March 2011 Archives - Transmission Digest
Ford’s Hybrid Transaxle – Part 2

In part 1 of this article last month we ended with the transaxle sitting on the bench awaiting disassembly, so let’s disassemble. You will notice in Figure 1 that we are ready to remove the top pan; we can’t call it a valve-body cover because there is no valve body.

Don’t Get Shook Up

Here is a trouble vehicle – a 1999 Chevrolet 4WD Silverado extended-cab pickup – suffering from a problem whose unique cause was difficult for us to find. The customer’s complaint was that the transmission-to-transfer-case adapter had cracked repeatedly. I don’t know the exact count, but by the time we were blessed with this job I think the count was three broken adapters. Figure 1 is an example of one of the broken adapters that was cracked near the transfer-case mounting bolts.

New Transmission Technology Already Here, and More Coming

The old saying “The only thing that is constant is change” has never been more true than in today’s automotive manufacturing. We have seen the bankruptcy of Chrysler and General Motors, which 20 years ago was unthinkable. China has arrived as a manufacturing giant for all types of products and, with a billion plus people with rising income levels, is poised to become the largest new-car market on the globe. India and Brazil have leaped ahead economically and will become players in this market.

Many Happy Returns

Since so many previously dedicated transmission-rebuilding facilities have of late become more oriented toward repairing and servicing the entire vehicle, a new set of challenges has emerged. Leading the pack, believe it or not, is returns – parts and cores that need to go back to local parts stores for credit to the shop’s account.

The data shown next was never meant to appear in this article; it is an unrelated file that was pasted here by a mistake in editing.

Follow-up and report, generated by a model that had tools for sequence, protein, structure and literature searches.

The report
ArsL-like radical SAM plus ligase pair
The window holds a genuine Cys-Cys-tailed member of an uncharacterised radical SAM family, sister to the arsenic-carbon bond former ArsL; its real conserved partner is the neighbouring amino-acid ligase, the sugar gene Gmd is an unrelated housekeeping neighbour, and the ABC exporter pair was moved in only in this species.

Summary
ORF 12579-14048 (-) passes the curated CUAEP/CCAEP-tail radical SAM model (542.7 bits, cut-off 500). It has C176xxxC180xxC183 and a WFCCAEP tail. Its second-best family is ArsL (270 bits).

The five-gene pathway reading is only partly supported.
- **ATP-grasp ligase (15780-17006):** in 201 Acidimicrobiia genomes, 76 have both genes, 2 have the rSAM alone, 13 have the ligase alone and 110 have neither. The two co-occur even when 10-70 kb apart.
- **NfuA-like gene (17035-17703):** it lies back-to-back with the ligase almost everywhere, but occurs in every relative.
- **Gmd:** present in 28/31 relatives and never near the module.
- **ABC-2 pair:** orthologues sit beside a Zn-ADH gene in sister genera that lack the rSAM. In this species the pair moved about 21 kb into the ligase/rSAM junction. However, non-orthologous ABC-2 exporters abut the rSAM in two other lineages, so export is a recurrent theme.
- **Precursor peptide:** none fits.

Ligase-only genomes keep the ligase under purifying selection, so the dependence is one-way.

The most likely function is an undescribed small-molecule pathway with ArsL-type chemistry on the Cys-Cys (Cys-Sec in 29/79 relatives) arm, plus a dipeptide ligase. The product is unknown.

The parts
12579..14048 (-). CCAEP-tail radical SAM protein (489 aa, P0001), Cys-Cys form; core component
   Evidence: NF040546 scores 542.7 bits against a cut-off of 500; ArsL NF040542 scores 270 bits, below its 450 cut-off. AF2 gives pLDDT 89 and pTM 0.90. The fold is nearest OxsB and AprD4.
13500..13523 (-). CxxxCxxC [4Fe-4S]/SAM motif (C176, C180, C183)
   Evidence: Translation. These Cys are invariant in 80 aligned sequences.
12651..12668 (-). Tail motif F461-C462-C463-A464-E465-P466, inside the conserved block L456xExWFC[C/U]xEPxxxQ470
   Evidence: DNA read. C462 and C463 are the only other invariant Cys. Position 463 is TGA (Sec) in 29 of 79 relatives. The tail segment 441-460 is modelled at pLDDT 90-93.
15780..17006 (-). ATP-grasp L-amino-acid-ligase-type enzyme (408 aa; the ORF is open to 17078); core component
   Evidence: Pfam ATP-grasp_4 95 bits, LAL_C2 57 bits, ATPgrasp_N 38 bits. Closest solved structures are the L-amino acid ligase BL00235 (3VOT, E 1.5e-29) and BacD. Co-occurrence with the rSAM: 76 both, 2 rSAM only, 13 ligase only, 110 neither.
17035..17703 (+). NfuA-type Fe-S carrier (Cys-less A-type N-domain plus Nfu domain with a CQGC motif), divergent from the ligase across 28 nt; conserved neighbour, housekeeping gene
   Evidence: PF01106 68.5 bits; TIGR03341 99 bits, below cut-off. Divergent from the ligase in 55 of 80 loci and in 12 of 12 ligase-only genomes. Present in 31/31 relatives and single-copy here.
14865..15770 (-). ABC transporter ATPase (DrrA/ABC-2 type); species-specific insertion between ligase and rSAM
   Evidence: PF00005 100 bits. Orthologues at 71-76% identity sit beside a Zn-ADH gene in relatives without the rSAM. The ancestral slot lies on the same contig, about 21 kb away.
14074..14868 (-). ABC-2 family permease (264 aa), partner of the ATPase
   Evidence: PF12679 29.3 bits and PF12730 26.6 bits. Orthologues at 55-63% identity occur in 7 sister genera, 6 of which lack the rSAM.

Serviceability Report: BMW

You, the technician, need a voice of reason. This article completes eight years of reporting on the basic construction of different carmakers, but we have never looked at BMW.

BMW is one of three car companies that make motorcycles; Honda and Suzuki also make motorcycles. Each company has a history of racing. At the track, making the car or motorcycle hard to fix is the wrong way to go. All three of these brands are well respected in reports on their two-wheeled machines, but how do American technicians view the four-wheeled BMWs?

Why Resistance Checks Don’t Always Work

The example used here is a 1998 Oldsmobile Intrigue 3.8L with a 4T65-E transaxle that has a P0753 electrical code – 1-2 shift solenoid circuit – stored in the PCM; no other DTCs are present. The code will not set until the 1-2 solenoid is commanded to turn on. Now we have all seen the diagnostic flow chart for this code. No matter which repair-service publication you use they are all basically the same: Check resistance from here to here and here to here, from there to there and from here to ground, blah blah blah; I think you know what I mean. Then we print off a wiring diagram so we know what to look at.

Close but No Cigar

The design of the OD planetary system in these transmissions allows for a 1:1 ratio from the input shaft to the center shaft until the overdrive band comes on and holds the sun gear. When this happens, the input shaft will spin slower than the center shaft.

Walking the Thin Line

The late-model 518 is a prime example of this statement. When we get OE cores, the covers measure 0.160 to 0.165 inch thick if they are undamaged. The front covers can normally be cleaned up by machining off 0.005 inch of material. The challenge comes when we get a cover that was galled or damaged by a major lockup failure. In these instances, you may have to machine off as much as 0.015 inch, and at this point you end up with a cover that is only 0.145 inch to 0.150 inch thick. The question is, how far can you go? Where is the line between thick enough and no longer thick enough?

March 2011 Issue

In This Issue
45RFE • 545RFE
Dodge trucks: DTC P0715 and/or slow PRNDL response
45RFE/545RFE: Pulls forward in neutral
Jeep 545RFE: Misleading codes